I seem to recall this has been predicted many many times in lots of different movies from the 50's. And they normally started out like this. A few sightings of unexpected animals in areas that are radioactive, then a farmer and his cows go missing followed by a few teenagers having a party late at night at the beach. This is normally followed by the local mayor ignoring the surviving teenagers and insisting on holding the founders day picnic regardless of the fantastic stories of 30 foot tall wild boars. It all ends badly for the idiot mayor but the good looking teenagers manage to survive while the cruel ones and the ones having casual sex get killed in various gruesome ways by the 30 foot tall wild boars.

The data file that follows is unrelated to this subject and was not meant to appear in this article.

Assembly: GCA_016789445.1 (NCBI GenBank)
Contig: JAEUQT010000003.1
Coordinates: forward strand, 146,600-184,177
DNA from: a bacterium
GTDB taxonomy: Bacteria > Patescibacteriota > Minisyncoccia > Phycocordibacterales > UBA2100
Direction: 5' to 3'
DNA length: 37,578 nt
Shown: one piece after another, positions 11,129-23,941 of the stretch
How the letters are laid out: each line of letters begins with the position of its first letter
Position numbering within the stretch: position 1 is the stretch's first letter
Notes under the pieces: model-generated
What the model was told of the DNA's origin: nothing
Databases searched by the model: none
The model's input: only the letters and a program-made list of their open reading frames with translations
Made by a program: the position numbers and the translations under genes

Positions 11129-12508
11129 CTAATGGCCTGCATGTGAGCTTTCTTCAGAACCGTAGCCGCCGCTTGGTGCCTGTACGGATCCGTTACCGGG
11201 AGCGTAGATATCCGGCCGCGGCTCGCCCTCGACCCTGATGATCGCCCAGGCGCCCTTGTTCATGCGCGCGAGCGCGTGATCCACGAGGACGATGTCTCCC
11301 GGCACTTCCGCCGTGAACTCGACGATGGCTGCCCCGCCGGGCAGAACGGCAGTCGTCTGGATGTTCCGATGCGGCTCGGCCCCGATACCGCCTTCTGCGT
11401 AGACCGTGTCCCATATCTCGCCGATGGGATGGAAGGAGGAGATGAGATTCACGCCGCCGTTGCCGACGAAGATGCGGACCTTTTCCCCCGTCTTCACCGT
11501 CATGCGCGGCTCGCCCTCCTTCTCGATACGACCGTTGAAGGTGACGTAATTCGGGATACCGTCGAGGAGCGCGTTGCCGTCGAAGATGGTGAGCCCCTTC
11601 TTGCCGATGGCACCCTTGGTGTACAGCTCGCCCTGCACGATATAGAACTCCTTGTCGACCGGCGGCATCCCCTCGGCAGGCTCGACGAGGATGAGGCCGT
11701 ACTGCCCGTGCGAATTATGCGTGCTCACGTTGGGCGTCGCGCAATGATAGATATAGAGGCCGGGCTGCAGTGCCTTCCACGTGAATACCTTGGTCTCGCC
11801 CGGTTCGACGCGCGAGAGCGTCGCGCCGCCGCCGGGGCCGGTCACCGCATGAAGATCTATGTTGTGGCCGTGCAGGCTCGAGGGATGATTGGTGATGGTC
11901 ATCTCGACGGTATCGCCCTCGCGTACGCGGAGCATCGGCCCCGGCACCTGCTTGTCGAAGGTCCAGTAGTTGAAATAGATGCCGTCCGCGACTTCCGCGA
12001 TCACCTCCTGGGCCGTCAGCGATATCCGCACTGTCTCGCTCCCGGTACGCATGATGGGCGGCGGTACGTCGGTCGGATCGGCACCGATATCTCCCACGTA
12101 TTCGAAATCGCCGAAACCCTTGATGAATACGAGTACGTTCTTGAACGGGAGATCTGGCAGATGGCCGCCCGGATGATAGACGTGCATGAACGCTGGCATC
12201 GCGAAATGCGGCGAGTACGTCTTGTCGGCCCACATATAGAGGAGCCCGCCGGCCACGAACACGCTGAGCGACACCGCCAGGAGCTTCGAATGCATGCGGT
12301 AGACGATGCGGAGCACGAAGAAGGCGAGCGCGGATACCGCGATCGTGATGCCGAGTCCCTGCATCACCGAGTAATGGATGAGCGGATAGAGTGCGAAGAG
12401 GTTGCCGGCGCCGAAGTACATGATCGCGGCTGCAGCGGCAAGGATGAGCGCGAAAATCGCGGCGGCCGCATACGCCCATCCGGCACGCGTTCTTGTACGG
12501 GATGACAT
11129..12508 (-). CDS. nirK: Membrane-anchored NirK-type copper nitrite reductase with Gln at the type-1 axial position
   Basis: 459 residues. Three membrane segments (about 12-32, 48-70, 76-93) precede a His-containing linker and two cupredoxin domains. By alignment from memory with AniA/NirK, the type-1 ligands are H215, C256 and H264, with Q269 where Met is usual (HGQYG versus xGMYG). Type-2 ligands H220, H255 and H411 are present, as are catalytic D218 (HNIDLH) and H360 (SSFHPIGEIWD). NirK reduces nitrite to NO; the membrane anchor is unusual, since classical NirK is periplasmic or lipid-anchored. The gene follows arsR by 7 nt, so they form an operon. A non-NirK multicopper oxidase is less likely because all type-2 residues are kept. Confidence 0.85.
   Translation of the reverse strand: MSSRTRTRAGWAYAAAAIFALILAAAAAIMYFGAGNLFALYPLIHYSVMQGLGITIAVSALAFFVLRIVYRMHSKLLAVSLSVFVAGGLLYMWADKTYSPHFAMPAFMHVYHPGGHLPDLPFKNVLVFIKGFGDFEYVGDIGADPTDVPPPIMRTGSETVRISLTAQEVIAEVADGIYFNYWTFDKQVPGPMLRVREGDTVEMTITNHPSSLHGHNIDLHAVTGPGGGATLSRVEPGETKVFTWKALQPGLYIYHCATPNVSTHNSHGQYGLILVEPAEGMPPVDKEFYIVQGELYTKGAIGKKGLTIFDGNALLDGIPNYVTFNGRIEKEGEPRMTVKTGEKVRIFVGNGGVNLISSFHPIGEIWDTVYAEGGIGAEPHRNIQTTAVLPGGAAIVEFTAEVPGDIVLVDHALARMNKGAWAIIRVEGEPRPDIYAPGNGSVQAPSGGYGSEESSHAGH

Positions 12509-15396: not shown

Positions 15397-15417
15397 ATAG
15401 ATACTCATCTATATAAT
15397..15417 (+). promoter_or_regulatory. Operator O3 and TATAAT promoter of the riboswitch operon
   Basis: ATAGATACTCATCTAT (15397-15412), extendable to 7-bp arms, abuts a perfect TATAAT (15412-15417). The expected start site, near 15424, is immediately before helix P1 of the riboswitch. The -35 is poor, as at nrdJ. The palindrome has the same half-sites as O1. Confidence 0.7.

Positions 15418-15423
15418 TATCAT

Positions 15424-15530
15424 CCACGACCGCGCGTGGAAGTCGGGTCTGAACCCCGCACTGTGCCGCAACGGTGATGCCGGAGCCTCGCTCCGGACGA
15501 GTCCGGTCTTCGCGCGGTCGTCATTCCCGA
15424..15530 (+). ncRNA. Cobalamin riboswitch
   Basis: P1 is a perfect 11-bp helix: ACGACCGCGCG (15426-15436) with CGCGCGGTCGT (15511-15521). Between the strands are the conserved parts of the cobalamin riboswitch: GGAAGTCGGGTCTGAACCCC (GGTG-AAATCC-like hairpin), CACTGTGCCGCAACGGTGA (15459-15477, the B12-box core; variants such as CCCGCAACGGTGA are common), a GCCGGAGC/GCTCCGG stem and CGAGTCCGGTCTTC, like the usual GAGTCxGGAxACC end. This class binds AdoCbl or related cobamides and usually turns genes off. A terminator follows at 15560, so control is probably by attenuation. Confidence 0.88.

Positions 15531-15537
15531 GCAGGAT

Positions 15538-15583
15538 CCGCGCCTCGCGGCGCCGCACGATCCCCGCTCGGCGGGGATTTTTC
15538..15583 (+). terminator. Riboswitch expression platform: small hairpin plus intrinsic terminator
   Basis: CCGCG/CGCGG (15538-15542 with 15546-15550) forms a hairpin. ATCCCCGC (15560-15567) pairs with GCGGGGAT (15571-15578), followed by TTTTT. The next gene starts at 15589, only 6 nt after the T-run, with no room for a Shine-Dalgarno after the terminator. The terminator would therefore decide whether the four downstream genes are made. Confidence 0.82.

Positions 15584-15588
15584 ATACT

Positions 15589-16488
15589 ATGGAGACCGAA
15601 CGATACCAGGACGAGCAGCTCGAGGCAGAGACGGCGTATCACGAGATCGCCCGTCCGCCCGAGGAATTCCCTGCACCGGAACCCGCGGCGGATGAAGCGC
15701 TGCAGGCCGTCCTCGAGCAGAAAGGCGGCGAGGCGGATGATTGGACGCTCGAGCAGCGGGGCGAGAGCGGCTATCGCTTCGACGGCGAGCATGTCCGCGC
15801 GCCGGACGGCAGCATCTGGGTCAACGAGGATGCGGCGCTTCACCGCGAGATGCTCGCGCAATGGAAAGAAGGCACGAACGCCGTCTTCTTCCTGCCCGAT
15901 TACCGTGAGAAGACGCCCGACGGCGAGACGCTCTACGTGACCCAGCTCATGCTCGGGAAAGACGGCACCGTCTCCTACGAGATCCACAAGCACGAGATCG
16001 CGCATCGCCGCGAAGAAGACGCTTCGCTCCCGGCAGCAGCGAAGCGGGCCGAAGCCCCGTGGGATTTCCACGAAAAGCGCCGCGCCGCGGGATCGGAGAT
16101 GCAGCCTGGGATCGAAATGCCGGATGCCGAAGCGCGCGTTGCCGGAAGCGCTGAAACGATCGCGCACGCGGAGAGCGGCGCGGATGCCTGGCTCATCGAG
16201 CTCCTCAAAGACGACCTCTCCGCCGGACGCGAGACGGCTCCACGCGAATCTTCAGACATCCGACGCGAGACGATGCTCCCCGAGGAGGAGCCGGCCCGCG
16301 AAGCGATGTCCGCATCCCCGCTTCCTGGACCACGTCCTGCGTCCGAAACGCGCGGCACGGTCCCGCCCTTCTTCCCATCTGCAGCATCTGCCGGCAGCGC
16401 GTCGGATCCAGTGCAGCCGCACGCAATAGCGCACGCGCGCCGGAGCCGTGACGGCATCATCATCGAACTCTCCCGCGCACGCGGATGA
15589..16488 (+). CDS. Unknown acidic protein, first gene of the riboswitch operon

hy (-1, Troll)

Anonymous Coward | more than 8 years ago | (#15170278)

COMMON PROBLEMS OF SEX WITH CHILDREN -- A PUBLIC SERVICE ANNOUNCEMENT BROUGHT TO YOU BY THE G.N.A.A.